Molecular Imaging and Biology

, Volume 10, Issue 1, pp 19–23 | Cite as

123I MIBG Mapping with Intraoperative Gamma Probe for Recurrent Neuroblastoma

  • Andrei Iagaru
  • David Peterson
  • Andrew Quon
  • Sanjeev Dutta
  • Claire Twist
  • Farhdad Daghighian
  • Sanjiv Sam GambhirEmail author
  • Craig Albanese
Rapid Communication


Intraoperative gamma probe guidance has become widely utilized for sentinel lymph node dissection in patients with breast cancer and melanoma, using 99mTc sulfur colloid. However, new indications are possible and need to continue to be investigated. We report the use during a wedge liver biopsy of a new hand-held gamma probe designed for 123I intraoperative guidance. The patient studied is a 5-year-old boy with history of stage 4 high-risk neuroblastoma. Anatomic imaging (CT, MRI), 99mTc bone scintigraphy and 2-deoxy-2-[F-18]fluoro-d-glucose—positron emission tomography/computed tomography (FDG-PET/CT) were negative, but the 123I MIBG scintigraphy suggested recurrent liver disease. A decision was made to biopsy these lesions to obtain histopathological confirmation. Intraoperative gamma probe mapping of the liver identified areas with signal above the background, but these were prove to be hemosiderin deposits on histo-pathology examination.

Key words

Neuroblastoma Gamma probe Intra-operative 123I 


  1. 1.
    Grovas A, Fremgen A, Rauck A, et al. (1997) The National Cancer Data Base report on patterns of childhood cancers in the United States. Cancer 80:2321–2332, Dec 15PubMedCrossRefGoogle Scholar
  2. 2.
    Gurney JG, Ross JA, Wall DA, et al. (1997) Infant cancer in the U.S.: histology-specific incidence and trends, 1973 to 1992. J Pediatr Hematol Oncol 19:428–432PubMedCrossRefGoogle Scholar
  3. 3.
    Heij HA, Rutgers EJ, de Kraker J, Vos A (1997) Intraoperative search for neuroblastoma by MIBG and radioguided surgery with the gamma detector. Med Pediatr Oncol 28:171–174, MarPubMedCrossRefGoogle Scholar
  4. 4.
    Matthay KK, Villablanca JG, Seeger RC, et al. (1999) Treatment of high-risk neuroblastoma with intensive chemotherapy, radiotherapy, autologous bone marrow transplantation, and 13-cis-retinoic acid. Children’s Cancer Group. N Engl J Med 341:1165–1173, Oct 14PubMedCrossRefGoogle Scholar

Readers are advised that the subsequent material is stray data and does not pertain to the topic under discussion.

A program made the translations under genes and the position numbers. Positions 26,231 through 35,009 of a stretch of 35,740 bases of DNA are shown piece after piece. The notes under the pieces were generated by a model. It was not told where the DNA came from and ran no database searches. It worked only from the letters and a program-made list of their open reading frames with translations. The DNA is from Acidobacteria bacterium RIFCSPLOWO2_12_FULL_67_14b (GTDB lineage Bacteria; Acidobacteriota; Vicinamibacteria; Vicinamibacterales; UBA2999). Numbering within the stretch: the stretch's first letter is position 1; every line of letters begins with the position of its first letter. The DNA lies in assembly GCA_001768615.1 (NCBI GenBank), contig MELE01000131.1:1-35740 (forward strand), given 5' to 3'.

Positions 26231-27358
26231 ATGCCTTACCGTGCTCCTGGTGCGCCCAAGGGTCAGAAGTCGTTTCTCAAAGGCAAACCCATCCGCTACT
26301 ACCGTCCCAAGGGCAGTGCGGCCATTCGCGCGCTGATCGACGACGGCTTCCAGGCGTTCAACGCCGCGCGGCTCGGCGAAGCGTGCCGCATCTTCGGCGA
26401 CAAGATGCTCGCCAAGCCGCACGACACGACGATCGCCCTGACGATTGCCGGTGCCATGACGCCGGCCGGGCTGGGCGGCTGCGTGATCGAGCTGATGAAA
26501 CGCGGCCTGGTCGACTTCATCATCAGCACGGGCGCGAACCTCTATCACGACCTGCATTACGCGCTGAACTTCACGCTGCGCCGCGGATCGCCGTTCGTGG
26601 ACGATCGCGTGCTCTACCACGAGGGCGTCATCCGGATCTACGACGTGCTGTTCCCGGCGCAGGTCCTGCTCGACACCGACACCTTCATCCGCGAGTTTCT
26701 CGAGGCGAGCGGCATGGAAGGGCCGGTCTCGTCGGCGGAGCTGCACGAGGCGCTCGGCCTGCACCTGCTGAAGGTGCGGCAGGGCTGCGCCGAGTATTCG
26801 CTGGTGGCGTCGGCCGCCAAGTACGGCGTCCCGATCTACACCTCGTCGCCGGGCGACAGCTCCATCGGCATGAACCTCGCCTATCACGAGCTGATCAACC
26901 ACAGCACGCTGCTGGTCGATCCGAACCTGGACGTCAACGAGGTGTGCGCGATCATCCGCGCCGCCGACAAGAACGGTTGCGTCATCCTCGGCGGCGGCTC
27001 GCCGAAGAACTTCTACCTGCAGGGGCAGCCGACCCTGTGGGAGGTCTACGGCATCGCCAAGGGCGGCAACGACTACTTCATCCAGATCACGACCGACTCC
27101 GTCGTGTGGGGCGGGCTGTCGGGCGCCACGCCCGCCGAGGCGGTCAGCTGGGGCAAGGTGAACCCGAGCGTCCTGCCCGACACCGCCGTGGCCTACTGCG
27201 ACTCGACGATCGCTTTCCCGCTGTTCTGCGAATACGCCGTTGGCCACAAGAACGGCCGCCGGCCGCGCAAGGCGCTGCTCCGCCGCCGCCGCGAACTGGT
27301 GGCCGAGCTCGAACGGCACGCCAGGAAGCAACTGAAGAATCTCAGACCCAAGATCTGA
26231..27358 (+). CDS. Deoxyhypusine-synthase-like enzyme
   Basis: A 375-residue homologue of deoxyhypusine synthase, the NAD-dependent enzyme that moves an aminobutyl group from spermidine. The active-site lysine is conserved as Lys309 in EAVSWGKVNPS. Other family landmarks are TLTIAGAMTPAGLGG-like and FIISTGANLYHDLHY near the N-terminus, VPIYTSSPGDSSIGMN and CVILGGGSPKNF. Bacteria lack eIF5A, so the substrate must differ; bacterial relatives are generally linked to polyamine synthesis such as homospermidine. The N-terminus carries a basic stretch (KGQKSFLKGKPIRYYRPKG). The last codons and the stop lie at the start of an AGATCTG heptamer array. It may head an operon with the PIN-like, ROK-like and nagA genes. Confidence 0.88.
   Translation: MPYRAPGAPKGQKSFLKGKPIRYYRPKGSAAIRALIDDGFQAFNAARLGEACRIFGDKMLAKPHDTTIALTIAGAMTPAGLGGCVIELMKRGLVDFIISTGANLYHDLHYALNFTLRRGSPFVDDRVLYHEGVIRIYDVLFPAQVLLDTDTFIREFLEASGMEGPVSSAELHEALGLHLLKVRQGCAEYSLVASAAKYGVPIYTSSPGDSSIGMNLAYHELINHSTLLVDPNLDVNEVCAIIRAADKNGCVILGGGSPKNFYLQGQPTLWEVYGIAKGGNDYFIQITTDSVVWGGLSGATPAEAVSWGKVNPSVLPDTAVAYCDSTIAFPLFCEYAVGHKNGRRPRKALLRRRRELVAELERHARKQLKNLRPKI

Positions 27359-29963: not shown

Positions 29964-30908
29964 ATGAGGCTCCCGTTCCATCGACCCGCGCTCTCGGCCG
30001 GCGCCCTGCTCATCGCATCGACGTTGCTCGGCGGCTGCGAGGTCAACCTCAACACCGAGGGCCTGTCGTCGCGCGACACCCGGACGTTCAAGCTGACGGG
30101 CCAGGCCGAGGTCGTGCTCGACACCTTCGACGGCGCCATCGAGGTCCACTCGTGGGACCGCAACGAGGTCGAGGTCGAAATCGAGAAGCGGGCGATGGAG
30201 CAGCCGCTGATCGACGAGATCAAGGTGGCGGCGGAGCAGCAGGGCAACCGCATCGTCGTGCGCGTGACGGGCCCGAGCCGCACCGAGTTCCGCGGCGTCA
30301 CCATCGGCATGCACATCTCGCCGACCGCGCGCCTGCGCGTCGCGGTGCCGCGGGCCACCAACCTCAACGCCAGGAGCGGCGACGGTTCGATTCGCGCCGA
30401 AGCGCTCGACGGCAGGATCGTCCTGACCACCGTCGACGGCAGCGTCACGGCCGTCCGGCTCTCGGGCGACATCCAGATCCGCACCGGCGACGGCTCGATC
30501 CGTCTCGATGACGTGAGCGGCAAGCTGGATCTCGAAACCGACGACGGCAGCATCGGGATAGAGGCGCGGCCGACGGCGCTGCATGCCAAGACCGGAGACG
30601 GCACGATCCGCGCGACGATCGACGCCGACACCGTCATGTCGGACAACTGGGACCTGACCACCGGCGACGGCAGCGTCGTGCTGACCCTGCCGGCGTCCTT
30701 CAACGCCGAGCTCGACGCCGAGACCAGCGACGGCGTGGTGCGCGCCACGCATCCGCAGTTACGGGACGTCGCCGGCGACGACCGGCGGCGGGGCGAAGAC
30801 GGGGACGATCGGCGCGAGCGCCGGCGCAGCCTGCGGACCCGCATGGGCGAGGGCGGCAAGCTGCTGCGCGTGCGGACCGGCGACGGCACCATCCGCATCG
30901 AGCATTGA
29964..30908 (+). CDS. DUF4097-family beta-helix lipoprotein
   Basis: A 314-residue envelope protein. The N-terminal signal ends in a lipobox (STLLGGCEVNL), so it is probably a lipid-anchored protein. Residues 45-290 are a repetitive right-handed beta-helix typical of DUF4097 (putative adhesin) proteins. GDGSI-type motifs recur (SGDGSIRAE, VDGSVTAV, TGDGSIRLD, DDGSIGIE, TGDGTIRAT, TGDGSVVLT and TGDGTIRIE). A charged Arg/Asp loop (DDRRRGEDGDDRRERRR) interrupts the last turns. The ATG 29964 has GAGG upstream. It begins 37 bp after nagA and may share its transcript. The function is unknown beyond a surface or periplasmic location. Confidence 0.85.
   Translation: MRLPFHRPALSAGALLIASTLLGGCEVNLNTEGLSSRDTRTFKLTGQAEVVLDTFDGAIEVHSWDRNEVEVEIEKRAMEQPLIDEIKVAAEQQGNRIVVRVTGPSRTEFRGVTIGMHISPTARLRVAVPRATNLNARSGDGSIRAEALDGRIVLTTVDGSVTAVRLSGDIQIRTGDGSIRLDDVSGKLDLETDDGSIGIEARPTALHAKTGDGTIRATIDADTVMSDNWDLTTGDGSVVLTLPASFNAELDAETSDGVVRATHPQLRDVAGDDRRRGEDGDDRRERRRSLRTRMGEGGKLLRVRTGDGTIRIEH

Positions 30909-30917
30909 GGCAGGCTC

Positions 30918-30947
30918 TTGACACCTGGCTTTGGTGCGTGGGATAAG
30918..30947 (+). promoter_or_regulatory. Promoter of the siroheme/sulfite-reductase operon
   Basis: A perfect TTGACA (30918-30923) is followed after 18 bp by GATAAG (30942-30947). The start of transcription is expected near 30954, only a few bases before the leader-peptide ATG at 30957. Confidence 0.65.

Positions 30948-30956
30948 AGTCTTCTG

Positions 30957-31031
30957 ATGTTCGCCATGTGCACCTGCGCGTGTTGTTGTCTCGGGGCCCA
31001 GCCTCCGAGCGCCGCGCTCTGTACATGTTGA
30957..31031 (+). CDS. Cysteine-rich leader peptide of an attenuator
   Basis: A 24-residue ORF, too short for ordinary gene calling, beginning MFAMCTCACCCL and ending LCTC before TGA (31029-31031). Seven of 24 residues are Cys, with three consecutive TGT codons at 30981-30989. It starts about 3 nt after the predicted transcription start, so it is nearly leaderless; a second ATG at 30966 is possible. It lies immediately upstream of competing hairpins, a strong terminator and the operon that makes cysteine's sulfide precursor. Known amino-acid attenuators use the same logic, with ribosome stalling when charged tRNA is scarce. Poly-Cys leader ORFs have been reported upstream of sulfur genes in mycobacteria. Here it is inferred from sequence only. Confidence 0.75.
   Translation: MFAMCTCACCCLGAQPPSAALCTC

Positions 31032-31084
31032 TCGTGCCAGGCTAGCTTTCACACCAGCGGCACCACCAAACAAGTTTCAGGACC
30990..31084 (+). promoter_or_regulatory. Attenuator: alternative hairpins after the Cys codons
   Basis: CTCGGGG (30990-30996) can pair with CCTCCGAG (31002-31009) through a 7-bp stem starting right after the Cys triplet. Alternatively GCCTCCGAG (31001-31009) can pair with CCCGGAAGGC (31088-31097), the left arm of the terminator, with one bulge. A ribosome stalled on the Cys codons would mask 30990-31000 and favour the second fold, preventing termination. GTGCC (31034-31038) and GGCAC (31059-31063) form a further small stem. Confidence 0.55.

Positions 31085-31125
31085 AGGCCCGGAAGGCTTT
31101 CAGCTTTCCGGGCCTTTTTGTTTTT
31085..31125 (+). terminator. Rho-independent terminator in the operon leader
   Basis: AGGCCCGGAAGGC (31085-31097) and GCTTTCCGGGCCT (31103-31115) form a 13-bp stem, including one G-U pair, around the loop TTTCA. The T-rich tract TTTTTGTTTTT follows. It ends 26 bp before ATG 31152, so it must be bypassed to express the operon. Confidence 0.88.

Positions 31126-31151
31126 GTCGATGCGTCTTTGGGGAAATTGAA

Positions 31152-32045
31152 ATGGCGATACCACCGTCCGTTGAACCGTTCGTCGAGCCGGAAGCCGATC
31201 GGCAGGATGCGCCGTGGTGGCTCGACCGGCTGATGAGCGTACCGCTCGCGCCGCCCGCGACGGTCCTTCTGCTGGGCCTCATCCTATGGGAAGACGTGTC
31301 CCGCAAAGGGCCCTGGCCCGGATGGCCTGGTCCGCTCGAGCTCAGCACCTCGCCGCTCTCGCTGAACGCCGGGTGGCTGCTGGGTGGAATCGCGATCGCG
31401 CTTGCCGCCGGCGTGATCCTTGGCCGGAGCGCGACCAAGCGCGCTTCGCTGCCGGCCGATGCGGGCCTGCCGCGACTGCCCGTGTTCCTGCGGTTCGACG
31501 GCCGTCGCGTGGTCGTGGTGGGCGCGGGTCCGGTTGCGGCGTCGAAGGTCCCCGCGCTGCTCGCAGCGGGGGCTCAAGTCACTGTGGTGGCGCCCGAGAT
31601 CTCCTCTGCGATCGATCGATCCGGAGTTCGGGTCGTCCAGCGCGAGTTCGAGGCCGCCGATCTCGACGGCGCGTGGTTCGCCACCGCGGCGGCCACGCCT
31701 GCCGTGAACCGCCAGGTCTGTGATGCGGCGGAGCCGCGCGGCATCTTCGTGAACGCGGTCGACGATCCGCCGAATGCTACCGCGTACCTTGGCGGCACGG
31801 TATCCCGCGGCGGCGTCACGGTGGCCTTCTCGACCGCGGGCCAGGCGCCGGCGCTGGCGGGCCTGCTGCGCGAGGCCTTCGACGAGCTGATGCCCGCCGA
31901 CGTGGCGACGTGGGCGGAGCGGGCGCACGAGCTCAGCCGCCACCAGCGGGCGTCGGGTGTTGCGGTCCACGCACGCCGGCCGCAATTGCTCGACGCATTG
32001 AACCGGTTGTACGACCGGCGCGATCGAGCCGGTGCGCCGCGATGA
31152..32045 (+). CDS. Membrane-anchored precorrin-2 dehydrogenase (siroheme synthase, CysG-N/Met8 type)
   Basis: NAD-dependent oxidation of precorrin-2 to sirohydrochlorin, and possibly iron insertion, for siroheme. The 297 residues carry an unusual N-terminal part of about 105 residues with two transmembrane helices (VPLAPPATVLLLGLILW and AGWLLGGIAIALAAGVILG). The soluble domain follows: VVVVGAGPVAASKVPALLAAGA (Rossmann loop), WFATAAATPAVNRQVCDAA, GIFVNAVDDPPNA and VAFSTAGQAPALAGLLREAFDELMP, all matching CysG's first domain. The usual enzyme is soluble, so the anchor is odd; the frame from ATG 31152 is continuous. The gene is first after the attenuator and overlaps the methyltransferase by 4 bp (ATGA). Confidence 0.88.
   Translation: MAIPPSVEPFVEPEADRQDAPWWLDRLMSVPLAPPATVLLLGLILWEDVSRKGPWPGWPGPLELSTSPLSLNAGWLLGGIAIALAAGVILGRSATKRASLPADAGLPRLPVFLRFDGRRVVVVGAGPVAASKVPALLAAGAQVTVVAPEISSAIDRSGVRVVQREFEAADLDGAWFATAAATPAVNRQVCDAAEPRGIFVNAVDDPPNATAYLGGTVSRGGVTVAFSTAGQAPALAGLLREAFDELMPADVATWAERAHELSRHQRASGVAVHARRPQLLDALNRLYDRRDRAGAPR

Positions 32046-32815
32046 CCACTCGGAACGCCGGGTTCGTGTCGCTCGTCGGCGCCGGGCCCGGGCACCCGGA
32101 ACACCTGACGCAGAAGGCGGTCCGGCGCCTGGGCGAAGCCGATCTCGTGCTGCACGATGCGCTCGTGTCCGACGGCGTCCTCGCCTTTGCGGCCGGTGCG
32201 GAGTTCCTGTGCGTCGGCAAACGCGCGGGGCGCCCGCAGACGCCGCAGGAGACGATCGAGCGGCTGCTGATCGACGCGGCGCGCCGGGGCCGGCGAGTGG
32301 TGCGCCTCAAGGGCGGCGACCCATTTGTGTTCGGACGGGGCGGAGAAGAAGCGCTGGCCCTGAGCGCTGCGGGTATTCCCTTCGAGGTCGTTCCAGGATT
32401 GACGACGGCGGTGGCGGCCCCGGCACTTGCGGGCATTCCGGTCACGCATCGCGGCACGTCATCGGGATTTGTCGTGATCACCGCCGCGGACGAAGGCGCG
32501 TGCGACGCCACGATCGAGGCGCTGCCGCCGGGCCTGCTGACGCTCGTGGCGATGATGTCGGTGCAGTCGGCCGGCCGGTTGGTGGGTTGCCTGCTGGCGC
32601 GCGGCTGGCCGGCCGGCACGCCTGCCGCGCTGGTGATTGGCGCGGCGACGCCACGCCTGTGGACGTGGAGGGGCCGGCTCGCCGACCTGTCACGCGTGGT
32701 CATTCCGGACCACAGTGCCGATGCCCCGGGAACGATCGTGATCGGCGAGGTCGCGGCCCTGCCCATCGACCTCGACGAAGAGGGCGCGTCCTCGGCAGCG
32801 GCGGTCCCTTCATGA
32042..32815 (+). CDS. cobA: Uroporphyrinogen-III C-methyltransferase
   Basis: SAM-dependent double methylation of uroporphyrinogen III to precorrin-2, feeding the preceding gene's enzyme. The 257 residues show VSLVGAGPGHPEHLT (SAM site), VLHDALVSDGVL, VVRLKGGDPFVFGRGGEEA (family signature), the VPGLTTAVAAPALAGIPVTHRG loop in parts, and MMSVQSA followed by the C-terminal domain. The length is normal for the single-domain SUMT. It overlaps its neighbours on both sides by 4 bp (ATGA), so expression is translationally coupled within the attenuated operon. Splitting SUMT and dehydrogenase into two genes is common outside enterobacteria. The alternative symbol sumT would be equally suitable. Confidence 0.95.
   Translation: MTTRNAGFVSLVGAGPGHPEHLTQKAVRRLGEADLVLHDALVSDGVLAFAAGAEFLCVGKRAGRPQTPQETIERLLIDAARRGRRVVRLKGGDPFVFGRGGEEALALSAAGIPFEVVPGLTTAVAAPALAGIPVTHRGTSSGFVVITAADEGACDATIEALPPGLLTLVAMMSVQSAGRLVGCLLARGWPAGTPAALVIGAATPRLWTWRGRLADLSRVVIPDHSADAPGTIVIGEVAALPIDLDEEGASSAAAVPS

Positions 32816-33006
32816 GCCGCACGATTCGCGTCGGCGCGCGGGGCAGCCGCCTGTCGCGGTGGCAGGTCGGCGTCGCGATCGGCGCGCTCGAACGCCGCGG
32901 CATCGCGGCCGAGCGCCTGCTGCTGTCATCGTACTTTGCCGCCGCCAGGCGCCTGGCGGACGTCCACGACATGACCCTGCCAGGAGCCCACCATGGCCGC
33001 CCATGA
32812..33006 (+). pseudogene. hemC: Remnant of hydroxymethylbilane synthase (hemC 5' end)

5. 5.
    Kushner BH (2004) Neuroblastoma: A disease requiring a multitude of imaging studies. J Nucl Med 45:1172–1188, JulPubMedGoogle Scholar
  6. 6.
    Mehta K, Haller JO, Legasto AC (2003) Imaging neuroblastoma in children. Crit Rev Comput Tomogr 44:47–61PubMedCrossRefGoogle Scholar
  7. 7.
    Hoffer FA (2005) Magnetic resonance imaging of abdominal masses in the pediatric patient. Semin Ultrasound CT MR 26:212–223, AugPubMedCrossRefGoogle Scholar
  8. 8.
    Aarsvold JN, Alazraki NP (2005) Update on detection of sentinel lymph nodes in patients with breast cancer. Semin Nucl Med 35:116–128, AprPubMedCrossRefGoogle Scholar
  9. 9.
    Cohen MB, A-Kader HH, Lambers D, Heubi JE. (1992) Complications of percutaneous liver biopsy in children. Gastroenterology 102:629–632, FebPubMedGoogle Scholar
  10. 10.
    van der Poorten D, Kwok A, Lam T, et al. (2006) Twenty-year audit of percutaneous liver biopsy in a major Australian teaching hospital. Intern Med J 36:692–699, NovPubMedCrossRefGoogle Scholar
  11. 11.
    Dessner DA, DiPietro MA, Shulkin BL. (1993) MIBG detection of hepatic neuroblastoma: Correlation with CT, US and surgical findings. Pediatr Radiol 23:276–280PubMedCrossRefGoogle Scholar
  12. 12.
    Pfluger T, Schmied C, Porn U, et al. (2003) Integrated imaging using MRI and 123I metaiodobenzylguanidine scintigraphy to improve sensitivity and specificity in the diagnosis of pediatric neuroblastoma. AJR Am J Roentgenol 181:1115–1124, OctPubMedGoogle Scholar

Copyright information

© Academy of Molecular Imaging 2007

Authors and Affiliations

  • Andrei Iagaru
    • 1
  • David Peterson
    • 2
  • Andrew Quon
    • 1
  • Sanjeev Dutta
    • 2
  • Claire Twist
    • 3
  • Farhdad Daghighian
    • 4
  • Sanjiv Sam Gambhir
    • 5
    Email author
  • Craig Albanese
    • 2
  1. 1.Department of Radiology, Division of Nuclear MedicineStanford University Medical CenterStanfordUSA
  2. 2.Department of Pediatric SurgeryStanford University Medical CenterStanfordUSA
  3. 3.Department of Pediatric OncologyStanford University Medical CenterStanfordUSA
  4. 4.Intra-Medical Imaging LLCLos AngelesUSA
  5. 5.Departments of Radiology and BioengineeringStanford University Medical CenterStanfordUSA

Personalised recommendations